Everybody’s got their secrets.
Why, in 1976, this one time, in band camp, I…
You get the point.
So why would it be that hard to imagine that a gigantic publishing house might have a few skeletons in its closet?
That’s the allure of The Secret History of Marvel Comics, a big new book by Blake Bell, author of Fire & Water: Bill Everett, The Sub-Mariner & The Birth of Marvel Comics and Strange and Stranger: The World of Steve Ditko and Michael Vasallo, an expert on Marvel Comics from the 1930s to the 1950s.
MICHAEL VASSALLO podcast excerpt: “I think we ended up pioneering the (Marvel Comics founder) Martin Goodman history. Very little has been published, researched, and written about him. We had access to every comics history book ever written. What we found on Martin Goodman ended up being incorrect… Every single statement we make is sourced.”
Secret History delves into the business practices and trickery that established and grew the Hydra-headed publishing empire of the late Martin Goodman, the tight fisted, often unpleasant gentleman responsible, nonetheless, for giving the world his talented and far more charming nephew, Stanley Lieber.
You probably know him better by his pen name—Stan Lee.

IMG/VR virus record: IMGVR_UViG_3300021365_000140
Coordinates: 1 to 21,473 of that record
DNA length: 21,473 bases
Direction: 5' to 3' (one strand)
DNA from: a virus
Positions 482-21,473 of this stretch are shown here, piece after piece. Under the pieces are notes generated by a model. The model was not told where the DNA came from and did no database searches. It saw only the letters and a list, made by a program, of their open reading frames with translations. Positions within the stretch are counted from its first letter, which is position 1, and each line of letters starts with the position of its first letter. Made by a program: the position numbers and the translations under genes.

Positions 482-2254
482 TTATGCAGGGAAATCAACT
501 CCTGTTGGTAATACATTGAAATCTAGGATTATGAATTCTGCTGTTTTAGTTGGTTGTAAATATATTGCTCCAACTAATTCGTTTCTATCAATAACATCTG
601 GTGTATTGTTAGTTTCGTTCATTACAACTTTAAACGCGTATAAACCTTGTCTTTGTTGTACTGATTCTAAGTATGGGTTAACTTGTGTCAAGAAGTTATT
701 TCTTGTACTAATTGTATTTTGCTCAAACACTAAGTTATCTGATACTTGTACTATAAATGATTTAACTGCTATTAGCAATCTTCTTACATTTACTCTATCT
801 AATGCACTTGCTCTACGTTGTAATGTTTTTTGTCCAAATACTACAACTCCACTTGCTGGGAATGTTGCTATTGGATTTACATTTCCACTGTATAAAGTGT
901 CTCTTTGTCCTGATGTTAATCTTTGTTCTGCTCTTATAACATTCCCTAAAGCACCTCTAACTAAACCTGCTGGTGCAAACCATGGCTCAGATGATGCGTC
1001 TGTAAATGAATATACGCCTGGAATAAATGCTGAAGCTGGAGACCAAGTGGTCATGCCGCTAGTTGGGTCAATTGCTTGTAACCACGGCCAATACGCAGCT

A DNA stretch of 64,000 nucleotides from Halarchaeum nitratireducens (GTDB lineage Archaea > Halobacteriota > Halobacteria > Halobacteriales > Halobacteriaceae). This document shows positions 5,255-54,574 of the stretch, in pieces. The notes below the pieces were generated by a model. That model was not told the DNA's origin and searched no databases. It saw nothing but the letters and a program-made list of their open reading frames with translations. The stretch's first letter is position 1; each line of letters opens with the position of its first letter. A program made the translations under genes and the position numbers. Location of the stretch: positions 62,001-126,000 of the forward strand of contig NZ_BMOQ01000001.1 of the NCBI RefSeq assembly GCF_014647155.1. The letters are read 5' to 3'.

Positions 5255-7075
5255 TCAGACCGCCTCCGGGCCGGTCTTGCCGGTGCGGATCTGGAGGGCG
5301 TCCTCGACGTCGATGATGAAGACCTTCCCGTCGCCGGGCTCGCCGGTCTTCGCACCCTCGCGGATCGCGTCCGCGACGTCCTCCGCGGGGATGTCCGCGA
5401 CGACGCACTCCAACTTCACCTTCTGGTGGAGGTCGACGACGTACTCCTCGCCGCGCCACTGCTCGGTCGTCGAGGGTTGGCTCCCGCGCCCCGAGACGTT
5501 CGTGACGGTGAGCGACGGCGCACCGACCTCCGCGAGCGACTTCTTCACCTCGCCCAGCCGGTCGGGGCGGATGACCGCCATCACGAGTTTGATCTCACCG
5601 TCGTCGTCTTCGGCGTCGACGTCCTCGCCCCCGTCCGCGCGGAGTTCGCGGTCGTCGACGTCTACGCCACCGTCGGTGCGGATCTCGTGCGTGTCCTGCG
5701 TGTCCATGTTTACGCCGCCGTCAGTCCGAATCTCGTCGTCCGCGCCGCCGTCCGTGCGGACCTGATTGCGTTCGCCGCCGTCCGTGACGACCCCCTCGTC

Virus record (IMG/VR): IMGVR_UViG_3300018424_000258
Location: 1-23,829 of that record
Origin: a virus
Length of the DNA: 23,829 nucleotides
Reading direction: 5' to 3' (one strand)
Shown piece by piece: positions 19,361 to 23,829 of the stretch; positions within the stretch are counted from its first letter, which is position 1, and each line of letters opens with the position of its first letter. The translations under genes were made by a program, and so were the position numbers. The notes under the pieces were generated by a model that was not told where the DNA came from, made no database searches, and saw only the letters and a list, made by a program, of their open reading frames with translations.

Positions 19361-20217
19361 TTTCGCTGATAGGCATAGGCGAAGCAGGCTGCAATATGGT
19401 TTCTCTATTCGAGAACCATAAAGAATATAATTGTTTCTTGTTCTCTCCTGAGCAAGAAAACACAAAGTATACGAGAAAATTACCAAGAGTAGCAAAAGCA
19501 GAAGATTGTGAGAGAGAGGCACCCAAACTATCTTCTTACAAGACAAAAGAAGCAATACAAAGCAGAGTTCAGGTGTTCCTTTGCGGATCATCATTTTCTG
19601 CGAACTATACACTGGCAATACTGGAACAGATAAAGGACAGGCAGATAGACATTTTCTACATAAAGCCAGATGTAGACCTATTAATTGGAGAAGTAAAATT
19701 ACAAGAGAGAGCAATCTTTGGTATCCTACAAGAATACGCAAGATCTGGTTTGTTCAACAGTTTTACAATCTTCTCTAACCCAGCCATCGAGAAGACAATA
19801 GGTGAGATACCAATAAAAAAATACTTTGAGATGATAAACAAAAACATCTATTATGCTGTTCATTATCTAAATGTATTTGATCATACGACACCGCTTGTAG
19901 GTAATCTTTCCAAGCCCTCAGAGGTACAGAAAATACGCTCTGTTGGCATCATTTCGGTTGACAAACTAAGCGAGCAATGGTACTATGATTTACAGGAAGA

The book is packed with details of Goodman’s often unseemly practices, lack of appreciation for the many artists and writers he employed at slave wages, and the fact that he never did understand what made his one true and enduring success, Marvel Comics, succeed.
Secret History, incidentally, covers quite a different chunk of time than Sean Howe’s 1960s centered book, Marvel Comics: The Untold Story. But collectors will probably be interested to read both.
You can meet the authors—alongside comics artists Al Jaffee and Stan Goldberg—at the official book release event on Saturday, October 12, 2013, at 7 p.m., hosted by the Society of Illustrators, 128 E. 63rd Street, in Manhattan.
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Blake Bell Blog • Facebook • Twitter • Blake Bell talks to Mr. Media about Strange & Stranger: The World of Steve Ditko (2008)